Kiosk-Club Lake Loop
May 16-18, 2015 - by Dan Minkin
There is something electrifying about the first dip of a paddle after a long winter. Muscle memory rushes to embrace the surge of wood against water, taking up the journey through the winding pathways of the wilderness, where last it left off. The lake and brook trout, that rise from the deep when the lakes are cold, tempt us into the Algonquin interior before they warm. But trout make no promises.
For this Victoria Day weekend I was taking my partner Caleigh on a 2-night loop from Kiosk. We would camp on Club Lake and then Whitebirch Lake, expecting abundant brook trout on the former and scarcer but larger lake trout on the latter.
We left early enough to avoid long-weekend traffic jams. We zipped up Highway 11 to Algonquin North Wilderness Outfitters, who had delivered our rental canoe to Kiosk in advance. After stopping to pick up lifejackets, a bailer kit and a few bonus local fishing tips, we rumbled into Kiosk. We quickly dealt with the permit office and pushed off the beach into the grey, restless waters of Kioshkokwi Lake.
We paddled east, under the old railway bridge, and into the protected bay behind it. We finally arrived at the grassy portage landing, where the swollen waters of Mink Creek came rushing down from Little Mink Lake. A bald eagle landed on a tall spruce tree. It was just close enough to photograph with my simple point-and-shooter. It posed majestically for a moment and then dramatically took to the sky.
The official route from Kioshkokwi to Mink Lake consists of this 635-meter portage, followed by a 600-meter paddle across Little Mink Lake, followed by a somewhat shorter portage to the northwestern tip of Mink Lake. However, the old railway bed crosses the Kioshkokwi-Little Mink portage around the halfway point and continues along Little Mink and Mink Lakes. Taking the portage trail as far as the junction with the rail bed, and then following the latter past Little Mink to Mink Lake, makes for a single portage of roughly 1300 meters.
We opted to try the rail bed route to save some loading and unloading time, and found that although it is longer than the sum of the two official portages, the wide, graded gravel trail makes for a considerably easier carry. The rail bed even offered a, gently-sloping put-in at the northwest end of Mink Lake, in contrast to the steep-sided berm that it follows across Little Mink.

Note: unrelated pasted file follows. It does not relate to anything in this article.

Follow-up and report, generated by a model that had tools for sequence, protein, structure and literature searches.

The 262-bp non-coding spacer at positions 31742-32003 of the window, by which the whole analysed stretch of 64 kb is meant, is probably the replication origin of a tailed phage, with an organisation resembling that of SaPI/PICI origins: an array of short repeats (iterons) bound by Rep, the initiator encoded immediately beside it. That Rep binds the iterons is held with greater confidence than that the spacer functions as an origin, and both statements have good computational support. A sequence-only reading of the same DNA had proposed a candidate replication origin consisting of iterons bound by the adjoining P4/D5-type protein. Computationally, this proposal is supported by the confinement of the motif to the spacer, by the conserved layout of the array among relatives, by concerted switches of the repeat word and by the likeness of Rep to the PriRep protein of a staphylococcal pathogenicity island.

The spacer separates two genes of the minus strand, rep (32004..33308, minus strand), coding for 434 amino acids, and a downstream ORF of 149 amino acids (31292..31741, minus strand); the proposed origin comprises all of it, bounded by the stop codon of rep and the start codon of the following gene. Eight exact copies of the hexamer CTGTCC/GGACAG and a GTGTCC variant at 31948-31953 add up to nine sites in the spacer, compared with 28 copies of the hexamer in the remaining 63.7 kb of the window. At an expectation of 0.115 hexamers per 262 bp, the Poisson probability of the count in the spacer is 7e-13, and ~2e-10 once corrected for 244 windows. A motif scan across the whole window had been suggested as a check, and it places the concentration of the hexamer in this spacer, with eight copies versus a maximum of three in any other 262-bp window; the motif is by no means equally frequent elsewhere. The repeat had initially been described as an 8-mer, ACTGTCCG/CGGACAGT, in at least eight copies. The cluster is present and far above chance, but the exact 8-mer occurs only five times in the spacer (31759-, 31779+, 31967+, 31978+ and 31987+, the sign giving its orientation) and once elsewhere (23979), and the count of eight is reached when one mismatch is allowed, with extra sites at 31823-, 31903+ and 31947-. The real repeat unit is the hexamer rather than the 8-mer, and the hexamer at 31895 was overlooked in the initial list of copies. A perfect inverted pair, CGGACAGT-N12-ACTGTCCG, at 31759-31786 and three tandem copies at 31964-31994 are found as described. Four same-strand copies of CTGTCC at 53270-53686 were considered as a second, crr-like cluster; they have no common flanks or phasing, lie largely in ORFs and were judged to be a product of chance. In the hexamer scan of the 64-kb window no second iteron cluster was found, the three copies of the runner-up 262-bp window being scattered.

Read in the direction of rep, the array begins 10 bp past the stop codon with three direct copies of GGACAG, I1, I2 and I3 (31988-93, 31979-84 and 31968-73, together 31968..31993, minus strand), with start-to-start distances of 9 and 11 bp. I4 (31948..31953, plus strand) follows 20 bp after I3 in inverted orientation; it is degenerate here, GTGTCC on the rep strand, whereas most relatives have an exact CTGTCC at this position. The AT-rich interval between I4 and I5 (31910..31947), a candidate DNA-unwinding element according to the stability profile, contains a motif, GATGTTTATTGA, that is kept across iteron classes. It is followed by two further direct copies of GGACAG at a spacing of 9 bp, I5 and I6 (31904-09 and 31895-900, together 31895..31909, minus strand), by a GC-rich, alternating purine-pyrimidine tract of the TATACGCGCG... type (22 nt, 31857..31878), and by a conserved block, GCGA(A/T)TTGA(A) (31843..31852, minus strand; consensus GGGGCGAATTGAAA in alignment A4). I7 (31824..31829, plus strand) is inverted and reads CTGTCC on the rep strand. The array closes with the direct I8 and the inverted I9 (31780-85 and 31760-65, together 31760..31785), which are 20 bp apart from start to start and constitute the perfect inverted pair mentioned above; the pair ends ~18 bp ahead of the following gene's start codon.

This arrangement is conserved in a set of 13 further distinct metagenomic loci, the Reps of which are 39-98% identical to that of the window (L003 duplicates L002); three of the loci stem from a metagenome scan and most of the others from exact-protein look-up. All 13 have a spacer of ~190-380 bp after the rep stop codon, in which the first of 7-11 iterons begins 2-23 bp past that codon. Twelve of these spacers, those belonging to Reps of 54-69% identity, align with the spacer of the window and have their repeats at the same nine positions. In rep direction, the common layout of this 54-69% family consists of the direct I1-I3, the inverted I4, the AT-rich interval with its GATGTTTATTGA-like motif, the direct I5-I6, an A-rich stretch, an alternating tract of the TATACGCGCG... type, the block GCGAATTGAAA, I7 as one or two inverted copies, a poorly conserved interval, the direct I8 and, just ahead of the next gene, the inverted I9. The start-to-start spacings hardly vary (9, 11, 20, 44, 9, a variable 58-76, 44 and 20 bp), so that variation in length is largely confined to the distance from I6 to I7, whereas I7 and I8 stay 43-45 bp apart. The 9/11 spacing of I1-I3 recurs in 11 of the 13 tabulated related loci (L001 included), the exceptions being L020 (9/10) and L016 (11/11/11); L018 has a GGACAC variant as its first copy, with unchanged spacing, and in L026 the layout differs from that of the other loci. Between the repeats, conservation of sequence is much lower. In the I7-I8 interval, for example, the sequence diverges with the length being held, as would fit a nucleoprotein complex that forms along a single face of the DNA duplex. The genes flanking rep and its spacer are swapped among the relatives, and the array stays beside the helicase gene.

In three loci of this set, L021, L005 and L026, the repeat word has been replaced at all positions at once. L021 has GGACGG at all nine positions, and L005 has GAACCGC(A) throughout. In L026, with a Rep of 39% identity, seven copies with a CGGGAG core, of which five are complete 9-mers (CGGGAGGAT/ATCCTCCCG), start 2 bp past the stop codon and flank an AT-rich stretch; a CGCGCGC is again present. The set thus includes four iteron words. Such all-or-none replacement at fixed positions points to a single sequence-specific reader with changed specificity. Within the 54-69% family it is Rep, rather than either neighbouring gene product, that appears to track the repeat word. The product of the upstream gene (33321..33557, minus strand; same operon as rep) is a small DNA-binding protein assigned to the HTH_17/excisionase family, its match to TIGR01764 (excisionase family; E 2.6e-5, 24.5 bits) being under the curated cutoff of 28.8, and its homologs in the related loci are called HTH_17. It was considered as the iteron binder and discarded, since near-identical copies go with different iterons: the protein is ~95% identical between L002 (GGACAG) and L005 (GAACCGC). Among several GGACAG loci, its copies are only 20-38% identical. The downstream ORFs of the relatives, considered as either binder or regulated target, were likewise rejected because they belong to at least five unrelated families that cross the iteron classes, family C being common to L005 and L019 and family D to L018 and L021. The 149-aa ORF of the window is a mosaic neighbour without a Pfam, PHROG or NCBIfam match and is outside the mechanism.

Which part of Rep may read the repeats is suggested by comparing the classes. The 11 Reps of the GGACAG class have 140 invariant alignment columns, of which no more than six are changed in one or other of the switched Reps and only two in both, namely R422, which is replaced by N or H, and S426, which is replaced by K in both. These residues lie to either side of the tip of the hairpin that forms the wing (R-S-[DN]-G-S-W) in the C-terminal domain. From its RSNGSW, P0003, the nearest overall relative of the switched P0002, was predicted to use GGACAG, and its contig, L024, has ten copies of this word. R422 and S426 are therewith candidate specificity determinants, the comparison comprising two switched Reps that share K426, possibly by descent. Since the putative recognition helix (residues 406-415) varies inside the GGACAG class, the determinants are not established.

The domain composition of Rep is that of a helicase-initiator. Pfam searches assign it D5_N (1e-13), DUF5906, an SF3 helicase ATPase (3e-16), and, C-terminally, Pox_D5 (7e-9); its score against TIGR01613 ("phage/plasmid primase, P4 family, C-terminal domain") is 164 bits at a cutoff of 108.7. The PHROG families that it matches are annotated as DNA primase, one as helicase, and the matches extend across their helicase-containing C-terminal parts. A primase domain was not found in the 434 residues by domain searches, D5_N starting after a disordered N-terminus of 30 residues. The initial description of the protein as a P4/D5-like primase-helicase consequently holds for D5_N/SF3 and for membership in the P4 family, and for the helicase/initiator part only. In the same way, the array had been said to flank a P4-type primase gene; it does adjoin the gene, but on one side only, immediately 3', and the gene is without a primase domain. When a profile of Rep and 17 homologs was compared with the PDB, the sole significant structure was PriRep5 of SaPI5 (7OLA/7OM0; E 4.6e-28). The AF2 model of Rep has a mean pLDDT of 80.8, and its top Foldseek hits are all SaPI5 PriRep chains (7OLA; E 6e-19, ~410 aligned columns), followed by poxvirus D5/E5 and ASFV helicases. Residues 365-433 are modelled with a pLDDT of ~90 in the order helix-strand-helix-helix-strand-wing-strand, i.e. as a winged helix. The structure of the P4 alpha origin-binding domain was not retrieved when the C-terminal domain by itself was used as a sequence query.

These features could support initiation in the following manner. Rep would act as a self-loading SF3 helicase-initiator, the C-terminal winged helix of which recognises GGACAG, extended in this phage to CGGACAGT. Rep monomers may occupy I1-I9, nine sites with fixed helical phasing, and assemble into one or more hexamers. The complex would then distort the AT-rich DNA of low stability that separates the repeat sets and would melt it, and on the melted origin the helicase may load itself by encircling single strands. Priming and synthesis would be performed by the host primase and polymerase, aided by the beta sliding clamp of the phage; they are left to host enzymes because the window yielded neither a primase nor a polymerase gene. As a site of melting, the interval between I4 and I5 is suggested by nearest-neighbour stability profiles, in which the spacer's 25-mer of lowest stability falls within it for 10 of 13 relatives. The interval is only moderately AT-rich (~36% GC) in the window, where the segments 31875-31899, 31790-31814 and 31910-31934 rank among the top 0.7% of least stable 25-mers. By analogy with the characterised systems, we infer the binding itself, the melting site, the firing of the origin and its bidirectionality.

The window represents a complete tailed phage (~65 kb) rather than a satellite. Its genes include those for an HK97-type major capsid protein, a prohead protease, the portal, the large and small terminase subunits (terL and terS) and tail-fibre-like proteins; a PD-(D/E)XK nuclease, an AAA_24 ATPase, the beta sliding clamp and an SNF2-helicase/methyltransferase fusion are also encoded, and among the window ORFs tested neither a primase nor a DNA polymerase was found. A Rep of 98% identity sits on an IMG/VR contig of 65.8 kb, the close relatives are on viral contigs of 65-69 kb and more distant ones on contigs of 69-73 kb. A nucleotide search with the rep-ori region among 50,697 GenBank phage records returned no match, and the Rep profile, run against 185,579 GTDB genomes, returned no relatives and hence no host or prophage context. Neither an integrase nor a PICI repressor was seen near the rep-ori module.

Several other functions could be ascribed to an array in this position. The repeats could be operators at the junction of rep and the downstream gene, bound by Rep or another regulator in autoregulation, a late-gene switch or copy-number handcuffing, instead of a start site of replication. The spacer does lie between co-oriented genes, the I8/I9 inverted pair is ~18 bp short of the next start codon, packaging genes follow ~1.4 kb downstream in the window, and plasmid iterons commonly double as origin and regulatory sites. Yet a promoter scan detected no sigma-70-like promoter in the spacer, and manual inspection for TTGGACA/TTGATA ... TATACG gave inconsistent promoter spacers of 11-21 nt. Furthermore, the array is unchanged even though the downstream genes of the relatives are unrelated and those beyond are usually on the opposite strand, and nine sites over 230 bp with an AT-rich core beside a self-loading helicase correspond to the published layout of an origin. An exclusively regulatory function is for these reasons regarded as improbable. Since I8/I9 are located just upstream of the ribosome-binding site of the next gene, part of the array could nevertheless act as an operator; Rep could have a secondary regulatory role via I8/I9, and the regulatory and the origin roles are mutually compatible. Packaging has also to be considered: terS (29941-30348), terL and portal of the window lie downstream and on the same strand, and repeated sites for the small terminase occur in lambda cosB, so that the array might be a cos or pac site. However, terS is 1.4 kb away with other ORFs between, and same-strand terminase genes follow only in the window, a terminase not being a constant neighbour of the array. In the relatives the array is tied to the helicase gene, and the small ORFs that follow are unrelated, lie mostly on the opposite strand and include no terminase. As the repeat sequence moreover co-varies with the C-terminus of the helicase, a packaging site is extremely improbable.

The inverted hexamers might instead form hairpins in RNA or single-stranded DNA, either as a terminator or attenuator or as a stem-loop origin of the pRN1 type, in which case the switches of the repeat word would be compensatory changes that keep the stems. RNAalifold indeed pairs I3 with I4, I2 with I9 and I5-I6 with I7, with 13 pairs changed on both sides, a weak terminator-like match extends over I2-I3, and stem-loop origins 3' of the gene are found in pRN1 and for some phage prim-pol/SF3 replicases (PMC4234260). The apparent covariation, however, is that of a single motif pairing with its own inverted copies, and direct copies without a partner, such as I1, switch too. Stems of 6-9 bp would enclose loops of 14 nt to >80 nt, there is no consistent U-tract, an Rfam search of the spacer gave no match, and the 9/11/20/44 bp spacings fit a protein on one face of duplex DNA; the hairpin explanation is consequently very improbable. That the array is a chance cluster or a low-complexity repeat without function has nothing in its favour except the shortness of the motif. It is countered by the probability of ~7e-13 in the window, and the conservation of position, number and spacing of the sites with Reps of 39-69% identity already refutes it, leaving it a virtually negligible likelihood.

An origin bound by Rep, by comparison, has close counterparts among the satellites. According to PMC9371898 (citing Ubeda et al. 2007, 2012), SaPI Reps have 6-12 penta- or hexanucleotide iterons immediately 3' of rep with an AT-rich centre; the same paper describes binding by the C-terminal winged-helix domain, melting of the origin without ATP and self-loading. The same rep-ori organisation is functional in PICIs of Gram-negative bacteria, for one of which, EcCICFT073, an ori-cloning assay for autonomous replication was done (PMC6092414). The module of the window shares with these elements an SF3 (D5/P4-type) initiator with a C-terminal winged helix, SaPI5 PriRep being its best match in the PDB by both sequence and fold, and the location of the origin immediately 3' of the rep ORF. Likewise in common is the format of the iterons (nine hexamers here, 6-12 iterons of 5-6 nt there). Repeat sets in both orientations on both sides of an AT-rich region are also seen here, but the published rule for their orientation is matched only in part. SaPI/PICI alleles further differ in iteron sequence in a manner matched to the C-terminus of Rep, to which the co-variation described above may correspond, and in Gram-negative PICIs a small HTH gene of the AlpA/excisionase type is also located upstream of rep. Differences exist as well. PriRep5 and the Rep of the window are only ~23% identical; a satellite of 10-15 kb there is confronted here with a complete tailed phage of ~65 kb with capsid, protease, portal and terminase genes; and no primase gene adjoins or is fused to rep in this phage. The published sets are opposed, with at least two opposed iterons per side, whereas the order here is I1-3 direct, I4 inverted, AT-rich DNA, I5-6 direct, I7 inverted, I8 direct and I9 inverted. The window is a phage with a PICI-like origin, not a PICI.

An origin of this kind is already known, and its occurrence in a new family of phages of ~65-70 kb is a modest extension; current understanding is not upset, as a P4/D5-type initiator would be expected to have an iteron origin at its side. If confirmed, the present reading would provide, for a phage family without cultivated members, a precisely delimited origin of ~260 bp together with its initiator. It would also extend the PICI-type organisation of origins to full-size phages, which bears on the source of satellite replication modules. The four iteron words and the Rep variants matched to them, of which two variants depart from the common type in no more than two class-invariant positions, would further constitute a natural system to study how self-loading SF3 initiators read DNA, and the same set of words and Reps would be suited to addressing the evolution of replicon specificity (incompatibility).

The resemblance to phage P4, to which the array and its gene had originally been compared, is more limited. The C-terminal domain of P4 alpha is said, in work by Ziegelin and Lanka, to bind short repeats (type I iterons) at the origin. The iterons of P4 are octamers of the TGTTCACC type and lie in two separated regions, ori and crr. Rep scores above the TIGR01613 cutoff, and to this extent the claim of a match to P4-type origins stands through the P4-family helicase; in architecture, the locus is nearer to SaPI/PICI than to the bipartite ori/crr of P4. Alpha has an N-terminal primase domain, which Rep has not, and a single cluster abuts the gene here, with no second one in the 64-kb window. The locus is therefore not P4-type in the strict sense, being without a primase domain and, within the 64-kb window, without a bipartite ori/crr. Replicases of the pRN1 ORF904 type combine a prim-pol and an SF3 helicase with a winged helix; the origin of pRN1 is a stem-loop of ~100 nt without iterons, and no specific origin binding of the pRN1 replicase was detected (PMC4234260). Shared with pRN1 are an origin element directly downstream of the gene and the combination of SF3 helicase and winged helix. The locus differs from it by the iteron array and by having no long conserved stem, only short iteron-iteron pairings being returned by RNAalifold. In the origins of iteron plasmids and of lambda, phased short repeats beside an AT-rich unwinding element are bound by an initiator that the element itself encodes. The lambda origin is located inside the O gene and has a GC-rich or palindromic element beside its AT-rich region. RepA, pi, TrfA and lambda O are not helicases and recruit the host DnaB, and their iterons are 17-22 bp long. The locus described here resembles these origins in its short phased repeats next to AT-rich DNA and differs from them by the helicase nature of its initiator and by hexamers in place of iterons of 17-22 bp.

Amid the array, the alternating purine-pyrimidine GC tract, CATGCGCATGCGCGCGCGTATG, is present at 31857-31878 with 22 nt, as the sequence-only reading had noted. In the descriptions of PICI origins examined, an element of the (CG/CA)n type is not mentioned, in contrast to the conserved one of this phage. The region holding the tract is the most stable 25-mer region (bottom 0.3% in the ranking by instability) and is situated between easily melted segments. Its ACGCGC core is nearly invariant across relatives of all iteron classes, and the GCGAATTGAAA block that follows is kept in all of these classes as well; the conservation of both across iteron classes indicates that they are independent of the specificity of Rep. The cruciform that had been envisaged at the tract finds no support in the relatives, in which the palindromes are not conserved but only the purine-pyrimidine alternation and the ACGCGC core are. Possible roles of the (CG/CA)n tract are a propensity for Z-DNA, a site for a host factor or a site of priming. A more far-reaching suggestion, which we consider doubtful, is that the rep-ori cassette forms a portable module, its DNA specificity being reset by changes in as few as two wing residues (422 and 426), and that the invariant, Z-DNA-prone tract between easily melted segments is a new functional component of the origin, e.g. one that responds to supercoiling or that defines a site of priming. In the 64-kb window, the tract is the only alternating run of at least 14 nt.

Our next six kilometers were a straight-line paddle southeast along Mink Lake, a broad ribbon of water nestled between surrounding uplands. The south-facing hillside to our left was covered with birch and other hardwoods, just beginning to turn green in wispy pastels. The opposite shore was dominated by rich forest-green spruce and cedar, perhaps due to northern exposure. A stream was cascading out of the spruce, down from Whitebirch Lake, one of the lakes tucked away up the hillside that would be our route on the return leg of the trip.
Our conversation turned to the ways the history of the land is presented by Mink Lake. The valley that cradles this lake was once the path of the Fossmill Drainage - the torrent of glacial meltwater flowing southeast from the receding Laurentian ice sheet to the Champlain Sea where the Ottawa Valley now lies - that first opened these highlands to the cold-water fishes we were pursuing. Today, of course, the lake drains in the opposite direction, northwest into Kioshkokwi Lake and the Amable du Fond River. And superimposed on this footprint of glacial history is one of modern history - the old railway berm, plainly visible along the northeastern shore, which carried rail traffic until as recently as the mid-1990s.